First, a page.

Dopage Mécanique? Sacrebleu!

The cycling world has been abuzz today with what appears to be the first case of technological fraud, better known as mechanical doping! The International Cycling Union (UCI) confirmed that it had impounded the bike of Belgian rider Femke van den Driessche following the women’s under-23 championship race at this morning’s cyclocross world championships in Belgium.

For those not familiar with the term, doping normally refers to performance-enhancing drugs, but as you might have guessed, mechanical doping is boosting your performance with a motor in competition, which needless to say, is banned and punishable by disqualification, a suspension of at least six months, and a fine of up to 200,000 Swiss francs. Add to that, any team found guilty of mechanical fraud could also face a suspension and a fine as large as one million francs.

According to reports, the bike was caught thanks to new technology the UCI has been developing for several years. The Belgian TV network Sporza reported, “After one lap of the world championships, UCI took Femke’s bike in the pit area (riders will often swap bikes during cyclo-cross races, enabling their mechanics to clean mud off during the event and thus limit mechanical issues such as gears and brakes getting snarled up with gloop) and tested it with some sort of tablet. The bike was immediately sealed and taken. The UCI then called in the Belgian federation. When the saddle was removed, there were electrical cables in the seat tube. When they wanted to remove the bottom bracket, which is normally not difficult, they could not because the crank was stuck. Inside there was a motor.”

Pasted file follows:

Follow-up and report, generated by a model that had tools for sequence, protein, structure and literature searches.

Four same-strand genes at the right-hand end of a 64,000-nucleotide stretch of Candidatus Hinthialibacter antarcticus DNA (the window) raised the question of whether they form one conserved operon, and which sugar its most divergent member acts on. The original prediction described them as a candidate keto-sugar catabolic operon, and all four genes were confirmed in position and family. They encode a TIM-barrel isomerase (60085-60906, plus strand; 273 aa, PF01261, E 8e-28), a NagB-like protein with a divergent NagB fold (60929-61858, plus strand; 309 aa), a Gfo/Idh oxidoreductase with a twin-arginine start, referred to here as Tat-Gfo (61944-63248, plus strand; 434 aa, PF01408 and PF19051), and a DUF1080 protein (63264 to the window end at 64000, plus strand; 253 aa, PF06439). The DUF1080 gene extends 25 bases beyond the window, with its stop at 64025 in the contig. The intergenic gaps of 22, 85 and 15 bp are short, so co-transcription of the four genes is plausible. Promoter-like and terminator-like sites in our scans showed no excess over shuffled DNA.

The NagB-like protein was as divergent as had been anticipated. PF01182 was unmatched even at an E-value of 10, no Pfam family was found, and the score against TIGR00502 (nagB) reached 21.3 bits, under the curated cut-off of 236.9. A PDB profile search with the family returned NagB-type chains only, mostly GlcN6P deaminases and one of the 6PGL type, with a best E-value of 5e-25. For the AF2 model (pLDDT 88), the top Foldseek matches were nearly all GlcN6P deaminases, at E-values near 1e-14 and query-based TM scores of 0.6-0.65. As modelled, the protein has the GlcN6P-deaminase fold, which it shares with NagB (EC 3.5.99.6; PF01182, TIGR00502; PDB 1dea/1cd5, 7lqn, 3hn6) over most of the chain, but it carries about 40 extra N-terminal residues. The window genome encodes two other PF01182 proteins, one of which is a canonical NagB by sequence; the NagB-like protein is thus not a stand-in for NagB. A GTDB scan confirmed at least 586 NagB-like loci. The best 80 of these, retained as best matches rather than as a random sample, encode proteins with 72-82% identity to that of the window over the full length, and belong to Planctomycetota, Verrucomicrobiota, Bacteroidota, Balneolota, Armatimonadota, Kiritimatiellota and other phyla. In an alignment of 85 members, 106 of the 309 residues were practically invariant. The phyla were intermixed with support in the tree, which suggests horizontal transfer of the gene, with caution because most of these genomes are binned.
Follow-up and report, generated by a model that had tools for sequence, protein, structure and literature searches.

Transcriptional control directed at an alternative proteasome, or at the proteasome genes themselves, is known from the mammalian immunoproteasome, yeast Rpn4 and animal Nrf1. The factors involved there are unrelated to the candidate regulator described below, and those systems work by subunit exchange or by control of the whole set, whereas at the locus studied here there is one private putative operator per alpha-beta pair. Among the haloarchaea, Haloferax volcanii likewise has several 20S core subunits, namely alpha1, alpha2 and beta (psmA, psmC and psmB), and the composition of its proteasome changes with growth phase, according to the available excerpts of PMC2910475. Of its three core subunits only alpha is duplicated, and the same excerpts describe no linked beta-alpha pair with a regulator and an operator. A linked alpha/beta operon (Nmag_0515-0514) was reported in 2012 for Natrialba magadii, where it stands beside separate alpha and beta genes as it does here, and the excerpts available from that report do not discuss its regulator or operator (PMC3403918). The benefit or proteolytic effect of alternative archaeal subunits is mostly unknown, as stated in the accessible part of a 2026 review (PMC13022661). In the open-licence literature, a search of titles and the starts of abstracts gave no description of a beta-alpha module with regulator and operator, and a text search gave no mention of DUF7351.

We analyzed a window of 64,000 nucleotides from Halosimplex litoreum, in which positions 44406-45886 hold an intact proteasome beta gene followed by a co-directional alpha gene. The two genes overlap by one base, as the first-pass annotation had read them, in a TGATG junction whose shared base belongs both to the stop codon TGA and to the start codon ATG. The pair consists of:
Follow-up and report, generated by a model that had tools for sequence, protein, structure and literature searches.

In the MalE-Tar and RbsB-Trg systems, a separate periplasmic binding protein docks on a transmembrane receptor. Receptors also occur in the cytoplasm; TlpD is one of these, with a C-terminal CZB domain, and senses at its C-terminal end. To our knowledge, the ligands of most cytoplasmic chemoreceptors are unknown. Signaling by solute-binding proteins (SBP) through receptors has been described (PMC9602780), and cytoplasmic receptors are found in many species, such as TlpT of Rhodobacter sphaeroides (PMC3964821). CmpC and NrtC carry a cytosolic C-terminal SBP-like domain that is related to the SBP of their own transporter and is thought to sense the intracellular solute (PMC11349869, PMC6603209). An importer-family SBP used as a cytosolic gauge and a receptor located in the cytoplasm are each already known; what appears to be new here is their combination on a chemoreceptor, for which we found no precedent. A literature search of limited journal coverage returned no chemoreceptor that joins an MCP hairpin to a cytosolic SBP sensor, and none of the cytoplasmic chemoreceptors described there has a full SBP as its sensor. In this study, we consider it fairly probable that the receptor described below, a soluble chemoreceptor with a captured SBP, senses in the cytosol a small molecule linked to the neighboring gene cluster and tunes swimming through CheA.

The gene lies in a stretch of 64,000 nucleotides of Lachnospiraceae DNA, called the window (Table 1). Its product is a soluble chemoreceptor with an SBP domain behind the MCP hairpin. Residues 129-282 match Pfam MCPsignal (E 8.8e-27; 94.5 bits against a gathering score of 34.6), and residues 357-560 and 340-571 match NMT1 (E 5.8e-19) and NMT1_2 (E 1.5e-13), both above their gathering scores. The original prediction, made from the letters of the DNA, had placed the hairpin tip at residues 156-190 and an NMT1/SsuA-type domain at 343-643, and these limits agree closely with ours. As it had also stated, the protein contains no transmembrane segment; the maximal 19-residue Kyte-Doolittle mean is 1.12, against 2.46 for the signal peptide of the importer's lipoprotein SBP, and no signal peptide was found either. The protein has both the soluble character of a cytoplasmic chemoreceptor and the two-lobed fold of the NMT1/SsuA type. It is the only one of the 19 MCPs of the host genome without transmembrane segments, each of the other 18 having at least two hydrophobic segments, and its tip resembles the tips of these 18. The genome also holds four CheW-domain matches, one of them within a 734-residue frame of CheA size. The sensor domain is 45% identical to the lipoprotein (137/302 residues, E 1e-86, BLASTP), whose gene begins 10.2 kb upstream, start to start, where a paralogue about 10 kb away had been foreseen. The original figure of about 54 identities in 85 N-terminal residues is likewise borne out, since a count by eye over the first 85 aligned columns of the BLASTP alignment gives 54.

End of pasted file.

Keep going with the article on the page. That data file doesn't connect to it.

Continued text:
Van den Driessche, the European CX champion who rides for the Kleur Op Maat-Nodrugs cycling team, on Wilier bikes, began the race in Heusden-Zolder as one of the favorites. She reportedly ran into issues at the start with her pedals, and was caught up in rider traffic. She was also hit by mechanical problems heading onto the final lap. She came across the finish line on foot and abandoned soon afterwards.

Belgian national team coach Rudy De Bie told Sporza, “This is a disgrace. I never imagined something like this would happen to our team. Why would a rider do this? Especially at such a young age. And who is responsible for her? I’m embarrassed on her behalf.”

Meanwhile Van den Driessche’s father has, insisted upon her innocence, saying that it was not her bike, belonging instead to someone in her entourage who trains with her…words met with some skepticism, as her brother is currently serving a ban for EPO.

Although the bike belonged to  Van den Driessche, the UCI has yet to implicated her or her team, saying it is still investigating the matter. In light of the reports, however, bike manufacturer Wilier Triestina has tried to distance themselves from the situation putting out a press release stating, “We are literally stunned, as the main technical partner, it seems only right to distance themselves from this gesture…our society reserves to take legal action against the athlete and any responsible for this very serious matter, in order to safeguard the good name and image of the company, marked by professionalism and seriousness in 110 years of history.”

Mechanical doping has been long rumored, but never seen, nor proven in the pro ranks. Needless to say, the use of detection equipment will likely be ramped up across the board.

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